Build is Microsoft's biggest event, so it comes as a bit of a surprise that there were no new hardware announcements at Build 2015. Sure, the event is meant primarily to show off new software features. However, when Microsoft makes the bold claim there will be one billion Windows 10 devices in the world by 2018, that's difficult to square with the total lack of new devices on Microsoft's most important stage.
Instead of showing new devices, Microsoft beat its chest about building out Windows 10 as a platform for all devices from phones to tablets, laptops, plus Microsoft's new Surface Hub and HoloLens. What's more, users can have all these devices work in tandem with Continuum, allowing you to move across devices using the same application.
Unfortunately, Microsoft spent more time talking about the features rather than showing it off in real life. There were only a few instances where Microsoft showed Windows running on a Lenovo ThinkPad tablet and a Lumia device to a PC. However, there weren't enough devices that spanned the entire platform Microsoft boasted about and certainly no new electronics.
The lack of a new Surface Pro tablet or any new Lumia handsets are a curious omission that leaves us questioning what the holdup is, and what Microsoft might have up its sleeve.
Missed it by that much
Currently Microsoft only has four Lumia devices the OS maker can call its own since the company absorbed a portion of its old hardware partner, Nokia.
Build would have been the perfect moment to introduce a new flagship smartphone. Microsoft has paved the way for many more apps by adopting the code bases of its rivals. Android apps programed in Java and C++ will not have any problems running on a Windows 10 handset. This also goes for any iOS apps programmed in Objective C code.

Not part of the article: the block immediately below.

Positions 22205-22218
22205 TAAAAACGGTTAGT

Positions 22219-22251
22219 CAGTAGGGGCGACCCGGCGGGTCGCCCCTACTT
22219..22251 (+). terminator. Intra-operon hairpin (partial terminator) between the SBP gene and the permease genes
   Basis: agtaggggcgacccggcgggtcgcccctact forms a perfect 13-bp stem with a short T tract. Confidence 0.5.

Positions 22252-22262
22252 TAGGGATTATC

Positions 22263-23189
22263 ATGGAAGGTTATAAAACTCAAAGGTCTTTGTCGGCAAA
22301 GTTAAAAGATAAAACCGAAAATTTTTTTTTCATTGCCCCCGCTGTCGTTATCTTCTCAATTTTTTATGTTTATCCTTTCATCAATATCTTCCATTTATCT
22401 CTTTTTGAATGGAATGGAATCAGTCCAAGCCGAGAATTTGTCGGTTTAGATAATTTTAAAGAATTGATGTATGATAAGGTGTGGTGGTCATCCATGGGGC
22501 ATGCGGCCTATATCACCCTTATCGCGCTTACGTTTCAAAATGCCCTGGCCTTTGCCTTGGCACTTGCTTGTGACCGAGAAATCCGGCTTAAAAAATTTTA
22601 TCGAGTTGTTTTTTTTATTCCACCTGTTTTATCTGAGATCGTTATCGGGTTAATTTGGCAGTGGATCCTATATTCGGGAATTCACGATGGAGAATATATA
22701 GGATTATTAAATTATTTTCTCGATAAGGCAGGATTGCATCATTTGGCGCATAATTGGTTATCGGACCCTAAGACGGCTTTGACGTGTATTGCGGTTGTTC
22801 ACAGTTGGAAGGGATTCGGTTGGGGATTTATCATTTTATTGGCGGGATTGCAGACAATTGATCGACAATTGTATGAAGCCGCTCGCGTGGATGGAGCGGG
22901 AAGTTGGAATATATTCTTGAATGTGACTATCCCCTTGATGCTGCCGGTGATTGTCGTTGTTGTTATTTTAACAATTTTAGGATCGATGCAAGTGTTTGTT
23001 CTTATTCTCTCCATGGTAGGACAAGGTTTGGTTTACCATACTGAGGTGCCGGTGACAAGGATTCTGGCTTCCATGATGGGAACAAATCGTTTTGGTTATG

This is a huge tidal shift for Microsoft's mobile ambitions. Developers can easily port their apps rather than having to develop under yet another codebase exclusively for Windows phones, a problem that has left most Windows Phone 8.1 users starving for software. It also makes Windows 10 an uniquely flexible platform that can pull apps from both Android and iOS - typically two platforms that mix like oil and water.
But before you start singing the praises of Windows 10 for phones, it will still be up to developers to decide whether they bring their apps to Microsoft's ecosystem. Given the paltry consumer adoption and the even fewer recently announced Windows handsets, most developers will probably see porting their apps as a waste of time.
Another curious omission was a new Surface tablet. The Internet has been bubbling with rumors about Microsoft's next 2-in-1 laptop for months now and yet again it was a no show.
Although the Surface Pro 3 is an amazing device, it's getting longer in the tooth every day. For one thing, it comes running an Intel processor from the latter part of 2013. It's more than overdue for at least an internal refresh with the latest Broadwell chips, especially in light of the recently introduced Surface 3.
The laptop-tablet hybrid space is only getting more competitive with thinner, more powerful devices like the Intel Core M-powered Asus Transformer Book T300 Chi and the new HP Spectre x360. A new Surface Pro 4 would have been the perfect unit to show how much further laptop designs have come in the last year, assuming the laptop was as thin and powerful as rumored.
\What's more, the new hybrid PC could have shown off the easy switching between tablet and desktop modes, a feature Microsoft has been boasting with Windows 10.
Even on the software front, the Redmond company held back, deciding not to announce a final release date for Windows 10 yet again despite holding a two and half hour presentation dedicated solely to the perks of its new operating system. As far as we know, according to an unconfirmed rumor, Windows 10 will be released by the end of July, and so that may finally be the time we see a new Surface tablet
There's no doubt Microsoft came out swinging with impressive new features for Windows 10 on everything between phones and HoloLens, but ultimately hardware is the gateway with which users actually get to play with Microsoft's new OS. It was a misstep not to show off anything at all even if Microsoft were to announce release dates months from now. For now, Windows 10 on many devices is tantalizing to see but not to touch.
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